In 1929 a few people with a passion for puppetry from only seven countries formed l’Union Internationale de la Marionnette (UNIMA) to promote and develop the art form. I joined UNIMA about 1970 to help satisfy my lifelong fascination with puppets. Now, thanks to the Internet, we can instantaneously connect thousands of likeminded people across national, political and religious boundaries around the world. Recorded programs, performances, conferences, classes and workshops are available around the clock and some are streamed in real time. Academic papers, publications and photographs pop up at a touch on the keyboard. This increased popularity beyond our wildest dreams offers innumerable opportunities to form international coalitions to work together towards our goal of mutual understanding through puppetry.
Puppetry developed in virtually every part of the world. Now hundreds of hours of documentation available on the Internet make many traditional forms accessible. UNESCO recognized twelve of these as representing Intangible Cultural Heritage (ICH). Information, slides, and video footage of them can be seen on its web site. At least eleven additional traditions involving puppetry can be viewed on the Asia/Pacific Cultural Centre Database. Hopefully, viewers are tantalized to delve into the complexity of the performances and the depths of their communal roots. We can utilize traditional puppetry to reveal the common humanity underlying our cultural differences.
One tradition of traditional art is change, so documentation plays an important role. After nearly forty years of dedication by hundreds of us puppetry enthusiasts, UNIMA posted an updated Encylopédie Mondiale des Arts de la Marionnette, published in 2009, on its web site in three languages, English and Spanish as well as French. It puts the history of puppetry at our fingertips. It serves as a significant tool for the numerous museums around the world, which have acquired puppet collections, and the several others dedicated exclusively to the art form. Their collections and catalogs can be found online. Some are experimenting with 3-D imagery and replication for educational purposes. Facilitated by communication on the Internet, preservation of history contributes to future development.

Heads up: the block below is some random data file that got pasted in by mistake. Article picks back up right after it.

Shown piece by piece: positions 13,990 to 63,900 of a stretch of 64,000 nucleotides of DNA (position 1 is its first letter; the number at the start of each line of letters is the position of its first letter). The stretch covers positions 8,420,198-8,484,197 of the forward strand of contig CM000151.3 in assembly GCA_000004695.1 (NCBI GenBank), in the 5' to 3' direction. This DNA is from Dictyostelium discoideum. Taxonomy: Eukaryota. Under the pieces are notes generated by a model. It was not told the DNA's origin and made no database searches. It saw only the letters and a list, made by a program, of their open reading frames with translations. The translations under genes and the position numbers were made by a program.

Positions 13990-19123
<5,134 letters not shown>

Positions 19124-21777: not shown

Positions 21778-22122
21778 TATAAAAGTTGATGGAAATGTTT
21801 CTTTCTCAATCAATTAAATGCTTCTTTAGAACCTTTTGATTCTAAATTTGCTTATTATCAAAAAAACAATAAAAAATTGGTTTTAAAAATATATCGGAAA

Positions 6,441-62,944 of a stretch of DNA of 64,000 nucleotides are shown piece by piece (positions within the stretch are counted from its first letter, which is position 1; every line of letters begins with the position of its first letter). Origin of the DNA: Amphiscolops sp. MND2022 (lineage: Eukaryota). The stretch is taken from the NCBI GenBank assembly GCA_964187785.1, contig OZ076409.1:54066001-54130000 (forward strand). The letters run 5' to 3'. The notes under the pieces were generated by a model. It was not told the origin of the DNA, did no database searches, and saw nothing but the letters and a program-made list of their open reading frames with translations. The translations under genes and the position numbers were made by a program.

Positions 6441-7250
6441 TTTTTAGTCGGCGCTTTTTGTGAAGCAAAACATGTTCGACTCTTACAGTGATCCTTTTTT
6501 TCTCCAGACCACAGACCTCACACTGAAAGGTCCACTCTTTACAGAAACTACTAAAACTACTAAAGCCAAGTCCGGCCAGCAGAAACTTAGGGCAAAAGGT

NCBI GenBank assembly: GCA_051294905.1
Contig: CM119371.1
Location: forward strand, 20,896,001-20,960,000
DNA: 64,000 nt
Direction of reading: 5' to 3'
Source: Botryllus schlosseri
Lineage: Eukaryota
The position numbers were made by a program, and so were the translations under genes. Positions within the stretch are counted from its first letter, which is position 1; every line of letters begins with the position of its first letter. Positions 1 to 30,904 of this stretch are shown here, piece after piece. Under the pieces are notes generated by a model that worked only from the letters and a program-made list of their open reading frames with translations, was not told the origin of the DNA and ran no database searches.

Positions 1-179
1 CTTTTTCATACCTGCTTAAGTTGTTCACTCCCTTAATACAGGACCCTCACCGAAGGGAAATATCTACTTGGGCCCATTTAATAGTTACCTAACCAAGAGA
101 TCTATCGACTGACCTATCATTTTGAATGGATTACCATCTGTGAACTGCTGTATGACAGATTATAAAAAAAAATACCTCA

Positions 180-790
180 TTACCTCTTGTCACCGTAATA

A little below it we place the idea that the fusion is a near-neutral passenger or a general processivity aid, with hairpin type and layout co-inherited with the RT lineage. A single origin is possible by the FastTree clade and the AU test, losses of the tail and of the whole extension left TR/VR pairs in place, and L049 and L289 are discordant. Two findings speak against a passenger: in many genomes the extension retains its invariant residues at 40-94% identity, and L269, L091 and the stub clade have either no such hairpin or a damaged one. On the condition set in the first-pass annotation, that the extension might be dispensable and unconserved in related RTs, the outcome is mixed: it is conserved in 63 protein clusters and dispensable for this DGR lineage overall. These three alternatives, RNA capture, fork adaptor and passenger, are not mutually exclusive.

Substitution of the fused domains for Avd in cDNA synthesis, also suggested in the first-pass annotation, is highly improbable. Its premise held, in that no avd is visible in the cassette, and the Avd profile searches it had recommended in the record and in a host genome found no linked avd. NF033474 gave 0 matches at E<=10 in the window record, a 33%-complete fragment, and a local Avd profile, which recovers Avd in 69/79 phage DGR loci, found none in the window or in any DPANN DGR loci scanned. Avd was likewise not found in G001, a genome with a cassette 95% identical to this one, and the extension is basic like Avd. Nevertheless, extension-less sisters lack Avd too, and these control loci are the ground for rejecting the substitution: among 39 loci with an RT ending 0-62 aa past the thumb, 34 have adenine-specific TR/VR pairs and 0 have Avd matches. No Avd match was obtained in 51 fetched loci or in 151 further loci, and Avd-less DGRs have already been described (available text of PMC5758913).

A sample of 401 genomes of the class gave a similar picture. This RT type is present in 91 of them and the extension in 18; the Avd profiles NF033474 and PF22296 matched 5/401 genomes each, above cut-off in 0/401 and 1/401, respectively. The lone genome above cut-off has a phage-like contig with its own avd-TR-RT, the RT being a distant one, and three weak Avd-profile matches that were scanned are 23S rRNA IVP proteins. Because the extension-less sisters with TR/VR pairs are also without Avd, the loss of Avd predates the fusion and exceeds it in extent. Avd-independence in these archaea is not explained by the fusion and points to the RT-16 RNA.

Hundreds of contemporary puppeteers from around the world post excerpts of their live performances on the Internet to attract audiences and presenters. UNIMA sponsors live performances, festivals, conferences and publications and posts coverage on its web site. As intended by the small founding group, the current membership of UNIMA, from over ninety nations cooperate, regardless of differences. With the exponential growth of exposure comes increased responsibility to our audiences and each other. Let us celebrate World Puppetry Day together as friends with shared dedication to the art form by posting the festivities on the Internet, which truly unites us!
Nancy Lohman Staub
Nancy Lohman Staub, a native of New Orleans, Louisiana, USA, acted as one of the planning editors of the Encylopédie Mondiale des Arts de la Marionnette. (World Encyclopedia of Puppetry Arts) and continued as a scientific advisor.
She served on the UNIMA Executive Committee as a Vice-President, the Publication Commission, the Research Commission, the Heritage Commission and currently the Social Justice Commission.
She directed the 1980 World Puppetry Festival and XIIIth Congress of UNIMA at the John F. Kennedy Center for the Performing Arts in Washington, D.C.
She acted as consultant in the formation of the Jim Henson Foundation in New York City to support the field of puppetry in America.
She served as President of Puppeteers of America and Vice-President of UNIMA-USA. She is the founder and Advisory Committee Chair of the Center for Puppetry Arts Museum in Atlanta, Georgia. She published many articles and museum catalog essays. She directed a small puppet theatre in New Orleans, Louisiana for over ten years a very long time ago.